Thinking Of Upgrading Your Computer System To Microsoft Windows 8.1

In 2012 Microsoft launched Windows 8. In some respects, the idea behind the new platform was to bridge the gap between Windows on PC’s / laptops and the new touchscreen devices such as tablets and mobile phones.

Sadly, Windows 8 was not the success Microsoft had hoped for, with many users complaining about the huge departure away from familiar layouts. This resulted in confusion and frustration about what can essentially be called an unfinished platform.

Moving on a year, Microsoft has launched version Windows 8.1. With the majority of existing Microsoft users deciding to reject the initial Windows 8 upgrade, is this the right time for them to consider 8.1? Also, what about existing Windows 8 users? Should they upgrade too?

Virtually all PC’s and laptops are now sold with either Windows 8 or Windows 8.1 operating system. Therefore, when investing in new hardware in the future, there is no escape and you will be forced to accept the latest platform over your preferred option.

Additionally, Microsoft have announced that they will cease supporting Windows 7 from January 2015, and therefore it’s inevitable that you will need to adopt this latest offering even if it’s later rather than sooner. However, for now we recommend that current users of Windows 7 or earlier talk to us first – but usually we advise you to continue using your existing system.

Should a Windows 8 user upgrade to Windows 8.1?

When Windows 8 launched in 2012, many of the touchscreen devices it was designed for were simply not available for purchase. Those that were available were considered too expensive against the price of the competition.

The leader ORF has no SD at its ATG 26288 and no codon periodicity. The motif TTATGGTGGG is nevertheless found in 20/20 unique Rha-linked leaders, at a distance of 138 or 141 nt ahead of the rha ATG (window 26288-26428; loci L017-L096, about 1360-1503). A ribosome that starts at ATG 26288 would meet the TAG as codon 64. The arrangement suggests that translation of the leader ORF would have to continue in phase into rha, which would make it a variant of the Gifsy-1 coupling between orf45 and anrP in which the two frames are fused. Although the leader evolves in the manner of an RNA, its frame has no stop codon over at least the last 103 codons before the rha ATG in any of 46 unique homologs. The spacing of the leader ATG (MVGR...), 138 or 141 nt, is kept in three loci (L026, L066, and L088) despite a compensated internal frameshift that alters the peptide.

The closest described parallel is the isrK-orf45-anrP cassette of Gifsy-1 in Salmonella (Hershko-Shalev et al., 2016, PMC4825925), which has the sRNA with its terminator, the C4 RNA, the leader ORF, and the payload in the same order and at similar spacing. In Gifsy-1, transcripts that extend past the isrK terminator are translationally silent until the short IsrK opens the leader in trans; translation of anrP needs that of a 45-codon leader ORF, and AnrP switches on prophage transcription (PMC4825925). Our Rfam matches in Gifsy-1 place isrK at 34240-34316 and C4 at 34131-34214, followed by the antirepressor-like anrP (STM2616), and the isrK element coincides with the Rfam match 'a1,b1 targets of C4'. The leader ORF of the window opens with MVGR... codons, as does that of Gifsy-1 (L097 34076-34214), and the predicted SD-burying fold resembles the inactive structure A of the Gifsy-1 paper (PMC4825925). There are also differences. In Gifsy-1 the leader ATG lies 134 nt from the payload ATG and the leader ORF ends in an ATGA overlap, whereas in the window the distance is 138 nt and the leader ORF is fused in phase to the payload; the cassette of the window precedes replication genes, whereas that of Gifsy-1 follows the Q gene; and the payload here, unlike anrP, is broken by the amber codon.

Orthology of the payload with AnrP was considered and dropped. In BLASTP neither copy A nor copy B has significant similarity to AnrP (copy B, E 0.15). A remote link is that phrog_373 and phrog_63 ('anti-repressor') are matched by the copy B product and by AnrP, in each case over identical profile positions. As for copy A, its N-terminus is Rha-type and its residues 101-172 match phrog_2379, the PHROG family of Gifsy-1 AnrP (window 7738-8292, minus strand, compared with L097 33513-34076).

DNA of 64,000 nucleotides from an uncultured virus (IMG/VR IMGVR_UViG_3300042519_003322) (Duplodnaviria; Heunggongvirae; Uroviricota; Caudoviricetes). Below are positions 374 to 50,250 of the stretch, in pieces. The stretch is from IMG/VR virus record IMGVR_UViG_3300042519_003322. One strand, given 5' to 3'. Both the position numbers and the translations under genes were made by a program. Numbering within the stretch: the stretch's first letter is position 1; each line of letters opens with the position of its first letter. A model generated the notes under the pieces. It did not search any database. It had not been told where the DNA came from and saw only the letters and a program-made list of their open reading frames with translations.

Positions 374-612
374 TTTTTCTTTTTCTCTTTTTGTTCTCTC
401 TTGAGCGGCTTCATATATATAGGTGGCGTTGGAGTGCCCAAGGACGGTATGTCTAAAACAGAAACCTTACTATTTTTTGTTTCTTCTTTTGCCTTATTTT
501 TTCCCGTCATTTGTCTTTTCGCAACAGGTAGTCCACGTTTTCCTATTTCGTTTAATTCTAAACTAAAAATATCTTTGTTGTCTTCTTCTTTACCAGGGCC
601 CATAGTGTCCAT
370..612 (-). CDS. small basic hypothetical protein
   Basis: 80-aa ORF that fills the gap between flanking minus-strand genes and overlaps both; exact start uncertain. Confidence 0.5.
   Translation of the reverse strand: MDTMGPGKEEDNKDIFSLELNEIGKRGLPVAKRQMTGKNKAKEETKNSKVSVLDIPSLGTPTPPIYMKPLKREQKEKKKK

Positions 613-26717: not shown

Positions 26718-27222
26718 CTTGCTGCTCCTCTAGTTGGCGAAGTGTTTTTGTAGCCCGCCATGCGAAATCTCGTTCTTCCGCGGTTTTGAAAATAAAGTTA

Moving on a year and there is now more choice for touchscreen laptops, tablets and all in one devices at considerably better pricing. The relative failure of Windows 8 meant that developers were hesitant to create apps for these devices although there is now a feeling Microsoft are getting it right and apps are being launched at a faster rate. That said, the competition with Android and Apple is so firmly established there is a feeling of too little too late. But, the one advantage for Microsoft is the integration with a Windows platform, which the competition is unable to offer. So, for users looking for a device that offers more, combining business and leisure capability, this could be Microsoft’s single competitive advantage.

For Windows 8 users the decision to upgrade to Windows 8.1 should be relatively easy given the many advantages listed below. This upgrade is FREE which will be welcome news and is available at Windows Store.

What are the advantages of Microsoft Windows 8.1?

1. Customisable

Windows 8.1 introduces Snap functionality to the Start Screen, which allows you to re-size different applications screens independently of one another, allowing the user to run multiple apps on the same screen. Live tiles can also be re-sized with 3 different sizes, Small, Regular and Large. The desktop background can also be matched to the start screen for a unified look.

In Windows 8, users were restricted to two apps open simultaneously on screen. This has doubled to four and each can be sized independently depending on which app you are working on at the time.

2. Automatic App Updates

All applications installed from the Windows Store will automatically update in the background while you are using your PC rather than ask you to update every app individually. This is a nice time saver and an admin function you never have to worry about.

3. It consumes less disk space

Windows 8.1 has offers some new functionality & features, however Microsoft says that’s it uses between 8-15% less space on your hard drive.

4. Smart Search